Is this a new Trump? Abrupt reversals may reflect experience

Posted April 26, 2017

"They're not currency manipulators", Trump told The Wall Street Journal in an April 12 interview, adding that China hasn't been manipulating its currency for months and that labeling China a manipulator could discourage the country from helping the United States with North Korea.

However, it put China, China's Taiwan, Japan, South Korea, Germany, and Switzerland on its Monitoring List, saying their foreign exchange policies bear close monitoring.

According to the central bank, Taiwan only met one of the three criteria in the latest report as Taipei still enjoyed a large current account surplus, but did not meet the criterion which accused a trading partner of persistent one-sided currency intervention.

In its semiannual report to Congress, released on Friday, the Treasury department said no major trading partner met all three criteria, which would earn them the label of a currency manipulator, for the current reporting period.

With a trade surplus in goods with the United States of US$347 billion (RM1.53 trillion) past year, and continued policies that restrict free trade, "Treasury will be scrutinising China's trade and currency practices very closely".

The reversal on branding China a currency manipulator is among several changes in which Trump has softened tough stances he had taken during the campaign.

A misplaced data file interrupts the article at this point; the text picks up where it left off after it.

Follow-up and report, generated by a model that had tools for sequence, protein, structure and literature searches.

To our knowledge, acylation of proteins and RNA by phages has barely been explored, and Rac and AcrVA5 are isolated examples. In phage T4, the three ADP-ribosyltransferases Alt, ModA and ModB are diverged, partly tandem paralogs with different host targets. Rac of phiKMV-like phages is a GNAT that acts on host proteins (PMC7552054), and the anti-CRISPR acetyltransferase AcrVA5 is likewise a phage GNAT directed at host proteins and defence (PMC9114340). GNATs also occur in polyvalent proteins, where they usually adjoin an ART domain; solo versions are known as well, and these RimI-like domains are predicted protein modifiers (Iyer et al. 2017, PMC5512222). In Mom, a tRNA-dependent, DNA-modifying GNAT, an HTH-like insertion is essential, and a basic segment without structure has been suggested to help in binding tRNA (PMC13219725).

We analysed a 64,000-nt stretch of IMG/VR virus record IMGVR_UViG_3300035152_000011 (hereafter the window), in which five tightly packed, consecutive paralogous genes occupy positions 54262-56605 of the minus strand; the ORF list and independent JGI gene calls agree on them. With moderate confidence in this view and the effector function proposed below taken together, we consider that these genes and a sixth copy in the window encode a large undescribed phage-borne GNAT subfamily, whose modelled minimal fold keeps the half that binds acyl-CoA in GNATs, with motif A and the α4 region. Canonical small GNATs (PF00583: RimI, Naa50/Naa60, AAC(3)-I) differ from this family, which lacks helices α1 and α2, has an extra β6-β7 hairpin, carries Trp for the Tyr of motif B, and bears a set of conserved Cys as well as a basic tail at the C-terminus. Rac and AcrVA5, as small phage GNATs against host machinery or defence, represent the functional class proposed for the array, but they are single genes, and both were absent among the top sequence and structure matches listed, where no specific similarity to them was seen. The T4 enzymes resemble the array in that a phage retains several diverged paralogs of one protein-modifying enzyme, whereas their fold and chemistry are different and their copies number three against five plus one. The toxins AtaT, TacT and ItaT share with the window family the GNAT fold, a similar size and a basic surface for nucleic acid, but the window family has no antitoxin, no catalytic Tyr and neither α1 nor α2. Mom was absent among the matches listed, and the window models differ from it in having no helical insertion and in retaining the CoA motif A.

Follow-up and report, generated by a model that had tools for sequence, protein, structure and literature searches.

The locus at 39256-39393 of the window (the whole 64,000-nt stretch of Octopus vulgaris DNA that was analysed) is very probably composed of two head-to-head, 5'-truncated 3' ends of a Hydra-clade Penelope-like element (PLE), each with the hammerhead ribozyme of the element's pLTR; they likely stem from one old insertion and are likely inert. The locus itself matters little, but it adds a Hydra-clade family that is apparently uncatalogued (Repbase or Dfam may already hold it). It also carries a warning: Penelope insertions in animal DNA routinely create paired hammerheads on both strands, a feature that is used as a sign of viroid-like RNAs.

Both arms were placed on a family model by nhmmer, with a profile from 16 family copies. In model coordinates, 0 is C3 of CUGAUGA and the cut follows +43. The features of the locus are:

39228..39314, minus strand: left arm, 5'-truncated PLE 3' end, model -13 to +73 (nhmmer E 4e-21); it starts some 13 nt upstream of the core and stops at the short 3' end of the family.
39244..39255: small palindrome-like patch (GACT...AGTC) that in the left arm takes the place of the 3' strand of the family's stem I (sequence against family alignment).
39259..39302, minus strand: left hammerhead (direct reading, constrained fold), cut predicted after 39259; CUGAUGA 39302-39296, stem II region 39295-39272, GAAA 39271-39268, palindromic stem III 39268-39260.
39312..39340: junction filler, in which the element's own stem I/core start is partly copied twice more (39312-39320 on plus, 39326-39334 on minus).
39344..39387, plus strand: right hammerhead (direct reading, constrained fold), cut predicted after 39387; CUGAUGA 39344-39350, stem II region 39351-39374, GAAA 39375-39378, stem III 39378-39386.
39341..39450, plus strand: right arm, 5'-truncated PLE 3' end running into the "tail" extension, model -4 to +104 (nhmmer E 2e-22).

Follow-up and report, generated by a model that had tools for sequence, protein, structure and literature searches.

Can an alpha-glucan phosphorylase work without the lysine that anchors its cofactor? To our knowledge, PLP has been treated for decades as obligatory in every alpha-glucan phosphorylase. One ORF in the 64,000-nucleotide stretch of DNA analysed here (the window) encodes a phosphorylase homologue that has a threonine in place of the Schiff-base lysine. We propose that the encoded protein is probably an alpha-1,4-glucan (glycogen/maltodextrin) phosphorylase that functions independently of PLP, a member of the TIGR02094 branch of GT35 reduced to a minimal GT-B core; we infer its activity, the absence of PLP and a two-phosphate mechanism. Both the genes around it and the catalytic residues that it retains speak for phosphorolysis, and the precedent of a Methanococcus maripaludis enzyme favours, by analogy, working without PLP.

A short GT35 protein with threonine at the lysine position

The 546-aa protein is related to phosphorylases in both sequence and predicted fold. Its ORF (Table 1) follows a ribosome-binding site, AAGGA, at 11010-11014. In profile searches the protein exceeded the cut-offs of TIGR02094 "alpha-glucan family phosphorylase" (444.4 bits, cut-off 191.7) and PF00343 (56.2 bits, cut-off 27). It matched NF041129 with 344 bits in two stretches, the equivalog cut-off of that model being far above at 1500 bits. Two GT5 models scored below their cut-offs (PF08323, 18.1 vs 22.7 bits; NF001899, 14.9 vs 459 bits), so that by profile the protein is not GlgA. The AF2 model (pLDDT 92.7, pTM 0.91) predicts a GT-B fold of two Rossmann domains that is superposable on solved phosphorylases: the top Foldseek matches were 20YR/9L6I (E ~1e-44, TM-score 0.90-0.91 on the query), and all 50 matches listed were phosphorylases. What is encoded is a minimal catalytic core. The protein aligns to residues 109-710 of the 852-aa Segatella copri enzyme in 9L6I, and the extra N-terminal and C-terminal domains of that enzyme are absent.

The decision was expected after President Donald Trump this week reversed himself and said China was not a currency manipulator.

That "distortion in the global trading system. imposed significant and long-lasting hardship on American workers and companies".

"The president is beginning to adjust his policies to economic reality", says Joshua Meltzer, a specialist in worldwide trade and a senior fellow at the Brookings Institution. He said China may not be manipulating their currency "at the moment because it doesn't suit their economic needs" but "make no mistake about it, as soon as the tide turns they will", he said, adding that the Trump has given them a "green light to steal our jobs".

"It's very, very hard to compete when you have a strong dollar and other countries are devaluing their currency", Trump told the Journal.

But reflecting the views of most economists, Treasury concluded that China has recently been intervening to do the opposite - to keep the renminbi from falling against the dollar and other currencies.

"Treasury also places high importance on greater transparency of China's exchange rate and reserve management operations and goals", said the report.

The report also criticized Japan for failing to do more to stimulate domestic demand and thereby increase sales of US and other foreign goods.

The US report said Asia's fourth-largest economy posted US$28 billion in goods surplus with the USA last year, with its current account surplus accounting for 7 percent of the country's gross domestic product.

Economy is in increasingly good health and Wall Street has hit successive records that were boosted by president's promises of cutting taxes, spending on infrastructure and slashing regulations.